The eyes have it (3)

This is the third in a series of posts concerning the dispositions and characters of various breeds of livestock. It goes without saying that individuals within breeds may differ from one another in this way but what we’re getting at here are differences in disposition between and among the various animal breeds themselves; the hardwired, rather than differential, expression of personality. We believe that these differences are most freely revealed through the eyes, the gaze, and countenance.

Of all of the animals we have raised over the years, we have had the most experience with sheep. They are quintessential flock animals. It is difficult to approach an individual sheep; when you do, the behavior of that animal will influence that of the individual near it, which will influence the behavior of the animal near it, and so on … until the entire flock becomes stirred into a chain of reaction. A positive feedback loop ensues which manifests as an explosion of hooves dashing from whatever it was that started the reaction, or alternately, toward whatever stimulus started things off (if the stimulus happens to be food, for example). Those of us who raise sheep have often heard the joke … What is it that you see when you look into the eyes of a sheep? And, the wry reply … The back of its skull. Sheep are complex animals and the preceding is, I believe, unfair. On one level, sheep seem unthinking and unreasonable. Why won’t they let us pet them, and why don’t they seek us out as companions as do cats and dogs? It is interesting to ponder the differences between animal breeds, their behaviors, and the basis for them. Because sheep are small, it is reasonable to assume that behaviors such as the sort described above are defensive. It’s not that sheep are unfriendly … flocks simply respond as do schooling fish and act collectively to perceived threats and dangers. Individuals do not or can not size up situations. Having described sheep in this way paints them, perhaps, as dim witted or one dimensional … this is not true. Although the flocking instinct is strong, individuals do have personality …  some are bold, dominant, and pushy, while others are quiet and happy to follow the lead of others. Getting to know, understand, and to appreciate sheep takes time.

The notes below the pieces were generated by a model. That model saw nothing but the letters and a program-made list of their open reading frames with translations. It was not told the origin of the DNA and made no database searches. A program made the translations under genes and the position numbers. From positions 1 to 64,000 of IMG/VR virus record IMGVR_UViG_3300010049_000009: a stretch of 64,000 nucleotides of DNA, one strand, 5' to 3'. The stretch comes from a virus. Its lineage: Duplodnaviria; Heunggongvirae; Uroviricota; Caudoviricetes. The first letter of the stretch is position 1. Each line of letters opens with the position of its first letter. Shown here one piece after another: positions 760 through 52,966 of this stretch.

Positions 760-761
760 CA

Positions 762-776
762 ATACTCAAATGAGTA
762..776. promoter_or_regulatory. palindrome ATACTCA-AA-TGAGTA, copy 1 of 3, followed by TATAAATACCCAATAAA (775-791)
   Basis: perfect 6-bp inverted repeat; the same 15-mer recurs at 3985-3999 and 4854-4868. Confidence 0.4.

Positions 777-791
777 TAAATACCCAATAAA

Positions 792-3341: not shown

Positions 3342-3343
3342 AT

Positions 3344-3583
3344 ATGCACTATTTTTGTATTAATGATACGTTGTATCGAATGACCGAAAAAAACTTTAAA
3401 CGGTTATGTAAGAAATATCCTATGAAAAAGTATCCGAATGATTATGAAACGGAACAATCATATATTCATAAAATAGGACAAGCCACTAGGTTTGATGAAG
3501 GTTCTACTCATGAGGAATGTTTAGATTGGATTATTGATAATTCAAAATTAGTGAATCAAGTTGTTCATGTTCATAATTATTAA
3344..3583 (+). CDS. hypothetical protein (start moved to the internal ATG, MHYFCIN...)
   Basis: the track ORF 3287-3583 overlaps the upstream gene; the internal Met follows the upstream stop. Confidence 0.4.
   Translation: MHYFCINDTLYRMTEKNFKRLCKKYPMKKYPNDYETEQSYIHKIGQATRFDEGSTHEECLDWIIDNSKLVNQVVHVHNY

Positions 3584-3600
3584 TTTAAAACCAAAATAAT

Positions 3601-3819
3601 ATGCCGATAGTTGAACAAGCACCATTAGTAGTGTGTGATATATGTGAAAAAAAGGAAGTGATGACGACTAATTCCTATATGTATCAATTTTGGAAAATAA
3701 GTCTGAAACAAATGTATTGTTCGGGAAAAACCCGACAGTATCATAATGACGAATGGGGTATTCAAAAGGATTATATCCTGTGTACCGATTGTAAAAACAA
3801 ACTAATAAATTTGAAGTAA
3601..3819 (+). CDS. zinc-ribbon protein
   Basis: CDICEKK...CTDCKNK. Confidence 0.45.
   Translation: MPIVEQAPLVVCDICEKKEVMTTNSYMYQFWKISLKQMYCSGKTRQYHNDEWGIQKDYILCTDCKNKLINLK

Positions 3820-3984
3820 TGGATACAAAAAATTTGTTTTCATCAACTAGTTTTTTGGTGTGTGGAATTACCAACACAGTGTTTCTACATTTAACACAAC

The other defining character of sheep you should know is that they are stoic … in the extreme … in contrast, for example, to goats which are anything but. I have heard it said that Sheep spend their entire lives looking for a dramatic way to die. And, to an extent, this is true. Unless a sheep has a significant, and outwardly manifesting, health issue it won’t let on that anything is wrong. It is these outward manifestations of ill-health however that shepherds depend upon. Even in its debilitated state a sheep will run from you, if it has the strength. Who was it that said, If you can’t catch your patient then it isn’t all that ill? It’s the individual you can catch that is in real trouble.

If a sheep were transmogrified into human form the result would be someone at ease with the routine; the out of ordinary would be met with suspicion. Negative reactions to novel situations would be swift and without consideration. The individual would be free with those within its circle and unaffected by those without. I don’t believe the transmogrified sheep would enjoy books or chess, but might be enthusiastic about a good puzzle or paint-by-number.

Next time you get the chance to watch a flock of sheep consider these characterizations.

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